Were these surprising?
Large-size Ice Age animals have always been drawing wide attention. They featured gigantic size and long hair, which were assumed to be developed with the ice cap expansion during the Quaternary Period. That is to say, these animals were thought to be originated from the high-altitude Arctic region. However, our discovery leads to a different result, which indicates that woolly rhinos actually originated from the Qinghai-Tibetan Plateau which stands further south. The plateau's high-altitude icy environment was formed way before the Quaternary Period's Ice Age. More to our surprise, in addition to woolly rhinos, we also found some other cold weather-adaptive animals, including blue sheep (Pseudois nayaur), Tibetan antelopes, yaks and snow leopards, originated from the plateau, too, at least. The existence of woolly rhinos implies that the Zanda Basin had reached to a height in altitude during the Pliocene and was even higher than it is now, and therefore created a long cold climate of below zero in winter.
What are the potential implications of your findings?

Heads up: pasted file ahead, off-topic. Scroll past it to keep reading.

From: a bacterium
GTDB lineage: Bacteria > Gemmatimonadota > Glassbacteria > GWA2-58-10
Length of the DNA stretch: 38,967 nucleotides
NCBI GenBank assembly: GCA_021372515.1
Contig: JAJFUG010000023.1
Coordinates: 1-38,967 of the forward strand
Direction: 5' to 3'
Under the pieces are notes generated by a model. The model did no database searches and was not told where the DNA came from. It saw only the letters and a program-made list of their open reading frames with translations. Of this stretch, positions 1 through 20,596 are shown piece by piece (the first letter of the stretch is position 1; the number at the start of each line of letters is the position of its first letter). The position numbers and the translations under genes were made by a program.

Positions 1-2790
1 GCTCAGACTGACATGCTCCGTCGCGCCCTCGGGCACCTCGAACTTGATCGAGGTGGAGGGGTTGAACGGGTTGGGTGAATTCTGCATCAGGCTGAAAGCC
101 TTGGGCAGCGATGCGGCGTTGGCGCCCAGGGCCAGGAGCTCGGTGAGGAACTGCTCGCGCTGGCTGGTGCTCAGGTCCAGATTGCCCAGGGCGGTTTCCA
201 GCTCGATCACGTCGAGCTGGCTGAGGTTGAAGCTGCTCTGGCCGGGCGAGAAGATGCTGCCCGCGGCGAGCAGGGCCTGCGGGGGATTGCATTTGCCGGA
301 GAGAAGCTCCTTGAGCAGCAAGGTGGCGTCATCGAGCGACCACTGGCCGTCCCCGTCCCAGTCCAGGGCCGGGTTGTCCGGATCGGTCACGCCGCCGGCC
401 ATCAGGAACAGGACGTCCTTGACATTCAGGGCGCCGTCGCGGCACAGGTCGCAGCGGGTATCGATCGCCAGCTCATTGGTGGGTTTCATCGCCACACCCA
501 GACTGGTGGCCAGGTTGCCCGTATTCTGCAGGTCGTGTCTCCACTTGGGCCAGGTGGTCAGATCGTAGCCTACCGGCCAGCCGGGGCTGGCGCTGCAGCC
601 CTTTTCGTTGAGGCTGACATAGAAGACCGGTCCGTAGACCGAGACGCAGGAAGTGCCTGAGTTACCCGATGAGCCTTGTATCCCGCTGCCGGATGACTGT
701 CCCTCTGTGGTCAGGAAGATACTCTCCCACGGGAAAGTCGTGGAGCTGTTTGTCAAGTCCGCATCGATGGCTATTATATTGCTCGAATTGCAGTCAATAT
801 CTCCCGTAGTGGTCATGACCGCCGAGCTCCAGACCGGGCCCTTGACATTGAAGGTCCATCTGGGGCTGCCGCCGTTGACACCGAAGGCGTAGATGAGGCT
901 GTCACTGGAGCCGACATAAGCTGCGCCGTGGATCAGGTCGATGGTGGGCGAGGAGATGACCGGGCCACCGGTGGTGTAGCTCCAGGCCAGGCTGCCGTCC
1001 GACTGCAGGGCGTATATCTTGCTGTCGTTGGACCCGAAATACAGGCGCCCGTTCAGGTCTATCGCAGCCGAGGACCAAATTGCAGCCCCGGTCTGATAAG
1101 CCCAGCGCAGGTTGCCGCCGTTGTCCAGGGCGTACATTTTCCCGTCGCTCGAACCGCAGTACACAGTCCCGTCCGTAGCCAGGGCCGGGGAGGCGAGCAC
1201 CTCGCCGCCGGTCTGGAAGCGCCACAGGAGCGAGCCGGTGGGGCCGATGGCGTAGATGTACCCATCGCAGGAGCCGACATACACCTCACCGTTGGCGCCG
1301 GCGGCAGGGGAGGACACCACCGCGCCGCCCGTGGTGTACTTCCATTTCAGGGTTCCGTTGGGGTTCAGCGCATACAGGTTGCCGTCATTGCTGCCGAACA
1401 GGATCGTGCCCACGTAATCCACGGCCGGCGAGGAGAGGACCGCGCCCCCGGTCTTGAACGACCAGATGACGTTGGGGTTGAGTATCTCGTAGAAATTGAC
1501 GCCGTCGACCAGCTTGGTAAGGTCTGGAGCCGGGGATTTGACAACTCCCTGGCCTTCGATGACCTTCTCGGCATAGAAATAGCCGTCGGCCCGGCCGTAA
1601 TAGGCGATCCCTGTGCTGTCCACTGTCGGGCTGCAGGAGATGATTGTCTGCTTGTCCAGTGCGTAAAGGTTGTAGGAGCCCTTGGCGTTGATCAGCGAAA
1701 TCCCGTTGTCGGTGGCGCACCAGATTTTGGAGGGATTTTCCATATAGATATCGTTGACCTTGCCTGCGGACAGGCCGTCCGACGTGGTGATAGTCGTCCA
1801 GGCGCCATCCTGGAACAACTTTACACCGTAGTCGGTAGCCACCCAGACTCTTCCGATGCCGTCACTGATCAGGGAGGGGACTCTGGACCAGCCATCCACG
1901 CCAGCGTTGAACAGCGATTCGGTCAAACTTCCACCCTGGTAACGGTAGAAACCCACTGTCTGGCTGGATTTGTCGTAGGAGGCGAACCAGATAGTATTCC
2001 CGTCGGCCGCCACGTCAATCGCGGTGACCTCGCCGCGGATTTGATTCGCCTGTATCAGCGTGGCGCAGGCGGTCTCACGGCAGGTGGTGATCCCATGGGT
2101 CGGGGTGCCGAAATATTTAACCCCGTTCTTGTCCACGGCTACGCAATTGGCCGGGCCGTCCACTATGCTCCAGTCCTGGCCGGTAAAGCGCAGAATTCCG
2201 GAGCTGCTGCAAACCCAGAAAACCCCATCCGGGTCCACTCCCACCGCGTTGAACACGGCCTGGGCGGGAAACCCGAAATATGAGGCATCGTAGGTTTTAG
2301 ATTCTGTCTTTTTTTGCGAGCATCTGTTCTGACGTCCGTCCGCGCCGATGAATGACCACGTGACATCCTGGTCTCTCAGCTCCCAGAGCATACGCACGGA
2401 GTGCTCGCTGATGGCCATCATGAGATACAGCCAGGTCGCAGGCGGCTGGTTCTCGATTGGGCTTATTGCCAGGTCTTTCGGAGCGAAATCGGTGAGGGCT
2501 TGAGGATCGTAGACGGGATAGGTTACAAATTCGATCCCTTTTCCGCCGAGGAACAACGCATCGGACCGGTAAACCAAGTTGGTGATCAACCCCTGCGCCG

Scientists used to look for the origin of the animal groups during the Quaternary Period's Ice Age which adapted to cold weather on the polar tundra and dry cold pasture in the Pliocene and early Pleistocene. Our discovery shows that we should actually look to the Qinghai-Tibetan Plateau to find out about the first stage of evolution of the successful species of Mammoth on European and Asia continents and North America during the late Pleistocene. Since we know that the Zanda Basin had reached to the same height in the Pliocene as it is today, or even higher, the new evidence may provide new thinking to the structuring model of the rising of the Qinghai-Tibetan Plateau. The emigration and expansion of woolly rhinos from Tibet to northern Europe and Asia was closely related to global climate change, which can therefore provide more details for the research into the ancient climate and environment in the Quaternary Period.